Friday, October 5, 2012

The Idyll of the Split Bamboo

The Idyl of the Split Bamboo* is the title of a book on angling devoted to the making of bamboo flyfishing rods--not "poles" if you please! An idyll is, according to the dictionary, a simple descriptive work in poetry or prose that deals with rustic life or pastoral scenes or suggests a mood of peace and contentment. Flyfishing has often been described as a "pleasant pastime," a rather sedentary sport for men to engage in. Fresh water fishing once represented an important source of food, in pre-WWII America, and in many places it still does, to some degree. But that pastime has evolved into a sport, one in which the original intent--the landing or catching of fish as a food harvest--has been largely set aside in the interests of preservation and the pure pleasure of the pursuit.  

As I've mentioned before on this blog, I was first introduced to the idea of flyfishing by my stepfather Harry Faville. Following a divorce in the mid-1930's, he had embarked on a protracted sojourn across the Northern Plains and Pacific Northwest states, probably in an attempt to wash some of the bitterness out of his soul, or perhaps it was sheer escapism. He fished the head waters of the Missouri, around the Yellowstone, and eventually ended up in Washington State working as a logger while attending writing classes with Dalton Trumbo. Harry would reminisce once in a while about growing up in Wisconsin before the First World War, fishing with a bamboo flyrod. 

During the 1950's and 1960's, when I was growing up, bamboo flyrods were going out of style, to be replaced by "glass" rods, and later by "Graphite" flyrods--or glass rods augmented by graphite. Glass rods were initially much less difficult to manufacture than bamboo rods, and cost a lot less. They were considered to be the material of the future for fishing rods. People would speak reverently, on occasion, about the qualities of the old wood rods, but the old rod-building companies were slowly, inexorable, seeing their businesses close. By the start of the 1980's, only a handful of small outfits were turning them out, and the prices of their labor-intensive manufacture were rising out of reach of all but the well-to-do or the most committed devotees. 

Perhaps responding to the vague myth implanted in my imagination in childhood, and abetted by a casual reading of a few 20th Century angling authors such as Roderick Haig-Brown, Ernest Schwiebert, Robert Traver, and Arnold Gingrich, I became interested in flyfishing, albeit in a much more sophisticated way than my stepfather had decades before. One of the books I discovered in my researches on the subject was the book on bamboo fly rod making by Holden, pictured above. Holden, like a lot of typical early fishing writers, created an aura of myth around the sport; but he was also interested in the tools of the trade.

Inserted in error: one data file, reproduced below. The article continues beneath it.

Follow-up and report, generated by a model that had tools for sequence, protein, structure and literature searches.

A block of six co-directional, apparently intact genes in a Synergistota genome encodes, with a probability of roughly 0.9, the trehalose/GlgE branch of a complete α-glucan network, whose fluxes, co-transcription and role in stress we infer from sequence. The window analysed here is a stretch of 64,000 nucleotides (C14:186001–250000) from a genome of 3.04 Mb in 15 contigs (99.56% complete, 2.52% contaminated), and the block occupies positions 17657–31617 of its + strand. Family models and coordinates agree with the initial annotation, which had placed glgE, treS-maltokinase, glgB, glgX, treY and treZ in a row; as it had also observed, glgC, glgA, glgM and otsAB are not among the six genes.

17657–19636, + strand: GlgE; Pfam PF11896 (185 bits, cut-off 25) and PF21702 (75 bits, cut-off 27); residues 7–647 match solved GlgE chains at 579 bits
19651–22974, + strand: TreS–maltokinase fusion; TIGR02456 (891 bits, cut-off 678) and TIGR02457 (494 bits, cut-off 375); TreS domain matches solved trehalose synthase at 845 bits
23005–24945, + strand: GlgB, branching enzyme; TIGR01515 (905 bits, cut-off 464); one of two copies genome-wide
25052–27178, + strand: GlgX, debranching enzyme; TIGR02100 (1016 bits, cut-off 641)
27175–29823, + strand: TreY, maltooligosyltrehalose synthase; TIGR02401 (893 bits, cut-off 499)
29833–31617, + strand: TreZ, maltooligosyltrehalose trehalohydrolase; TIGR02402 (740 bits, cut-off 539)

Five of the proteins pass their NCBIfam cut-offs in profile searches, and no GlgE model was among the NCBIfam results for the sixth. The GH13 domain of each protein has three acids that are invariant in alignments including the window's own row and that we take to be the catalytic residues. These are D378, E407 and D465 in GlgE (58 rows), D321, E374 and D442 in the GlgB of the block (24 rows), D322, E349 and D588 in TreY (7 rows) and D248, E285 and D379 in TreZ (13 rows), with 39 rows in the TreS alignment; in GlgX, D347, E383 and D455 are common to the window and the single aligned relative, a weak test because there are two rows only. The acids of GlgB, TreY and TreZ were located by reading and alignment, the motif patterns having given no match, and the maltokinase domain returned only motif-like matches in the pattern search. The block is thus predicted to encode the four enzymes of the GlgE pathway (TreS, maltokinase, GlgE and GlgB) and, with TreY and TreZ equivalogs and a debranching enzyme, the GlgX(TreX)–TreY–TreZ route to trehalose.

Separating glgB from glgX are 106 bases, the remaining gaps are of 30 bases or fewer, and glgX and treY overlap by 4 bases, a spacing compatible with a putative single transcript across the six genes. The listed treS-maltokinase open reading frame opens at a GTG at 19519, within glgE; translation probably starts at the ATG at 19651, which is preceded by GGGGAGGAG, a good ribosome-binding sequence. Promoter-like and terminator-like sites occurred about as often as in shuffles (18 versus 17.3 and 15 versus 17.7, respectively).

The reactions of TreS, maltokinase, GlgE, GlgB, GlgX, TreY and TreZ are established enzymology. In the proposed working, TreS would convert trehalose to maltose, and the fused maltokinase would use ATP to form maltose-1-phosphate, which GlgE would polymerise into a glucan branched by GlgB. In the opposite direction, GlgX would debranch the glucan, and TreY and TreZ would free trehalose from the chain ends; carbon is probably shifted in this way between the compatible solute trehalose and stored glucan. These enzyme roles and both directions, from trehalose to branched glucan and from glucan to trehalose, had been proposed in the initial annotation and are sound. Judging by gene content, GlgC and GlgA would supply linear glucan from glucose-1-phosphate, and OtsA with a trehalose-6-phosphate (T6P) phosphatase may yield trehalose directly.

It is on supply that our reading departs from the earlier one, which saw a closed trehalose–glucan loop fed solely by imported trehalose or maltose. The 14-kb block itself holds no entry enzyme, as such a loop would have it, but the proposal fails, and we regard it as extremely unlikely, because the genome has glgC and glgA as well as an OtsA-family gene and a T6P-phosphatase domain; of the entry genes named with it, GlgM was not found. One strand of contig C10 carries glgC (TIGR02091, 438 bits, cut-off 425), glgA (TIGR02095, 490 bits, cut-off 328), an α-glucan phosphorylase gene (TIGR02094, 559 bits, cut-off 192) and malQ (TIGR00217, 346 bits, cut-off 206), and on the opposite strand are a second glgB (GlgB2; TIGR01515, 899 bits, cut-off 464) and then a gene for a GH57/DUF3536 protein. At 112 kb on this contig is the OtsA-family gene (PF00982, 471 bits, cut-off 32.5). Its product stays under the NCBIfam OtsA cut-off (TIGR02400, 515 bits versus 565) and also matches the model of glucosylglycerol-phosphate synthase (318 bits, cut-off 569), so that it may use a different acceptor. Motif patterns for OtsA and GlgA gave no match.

As early as the middle of the 19th century, wooden fishing rods had been made from various kinds of native hardwoods, but it soon became apparent the the demands presented--a need for great flexibility without brittleness, and strength, as well as durability--could best be met by bamboo. Bamboo's unique qualities--its hardness, stiffness, and extraordinarily tough, long, straight longitudinal fibers concentrated along the outer edges of its trunks--made it an ideal material for rod-building. As fly fishing progressed through the latter half of the 19th century and the first part of the 20th, the technique of casting, as opposed to just dropping a line into water, became increasingly emphasized. Fresh water fish feed both under the water, and on the surface, but it's necessary to put some distance between yourself and the fish in order not to spook it. In addition, as fishermen realized that imitating the food that the fish eat--the insects, mostly--required that the fisherman manipulate the "presentation" of the imitation "fly" on or in the water--and a rod with great flexibility and control was necessary to perform these tasks.

Rod technology went through various stages. Eventually, through trial and error, it was discovered that planing down thin strips of the outer edge of bamboo, and fitting these together to make hexagonal, tapered sections, was the right solution. It was discovered that the best bamboo came from the Tonkin Gulf region of the Guangdong Province in China--where it grew tall and straight, with long sections between the "dams" or nodes. This special bamboo was available to makers in the Wests until 1950, when a trade embargo on goods from China virtually wiped out the bamboo rod business, which quickly declined.  

Below, I've set out a suite of photos of the Tonkin cane, and some of the steps in the manufacture of cane rods.

A stand of bamboo

Bamboo culms lying out

A stack of cut culms (or cross sections)

A cross section of a culm 

Cross section with a check or split

Close-up of split

Cross section of halved culm with cut strips

Close-up of edge of dense longitudinal fibers

Magnification of tight fibers near skin

Detail of cross section of culm wall

Cut strips or splines ready for planing

Planing a spline inside a metal planing form

Winding the thread to secure the guide(s)

View of male and female ferrules (joint match); note the singeing from the heat process straightening at the node

To replace bamboo, makers began to experiment with plastic and plastic compounds such as graphite, boron, and these new synthetic materials can be made to very favorable specifications. But the unique characteristics of highly engineered bamboo rods remain superior in some respects. Though heavier than some graphite rods, bamboo rods can furnish the same "power" in the butt section, while retaining a gentler, more forgiving pliability in the tip section. These qualities can be measured as moments of stress and "recovery"--but I won't go into the engineering math used to express these qualities. Suffice it to say that the bamboo fibers--one of nature's miracles of design--are still superior to the synthetic versions, and many fishermen prefer them for this reason, despite their much higher expense. With the restoration of availability of bamboo, cane rods can once again be made, but there are questions about its present quality. Cane obtained "pre-embargo" was probably better in some ways. Old stocks of pre-embargo "culms" (the big long uncut poles) are highly coveted today by makers of heirloom rods.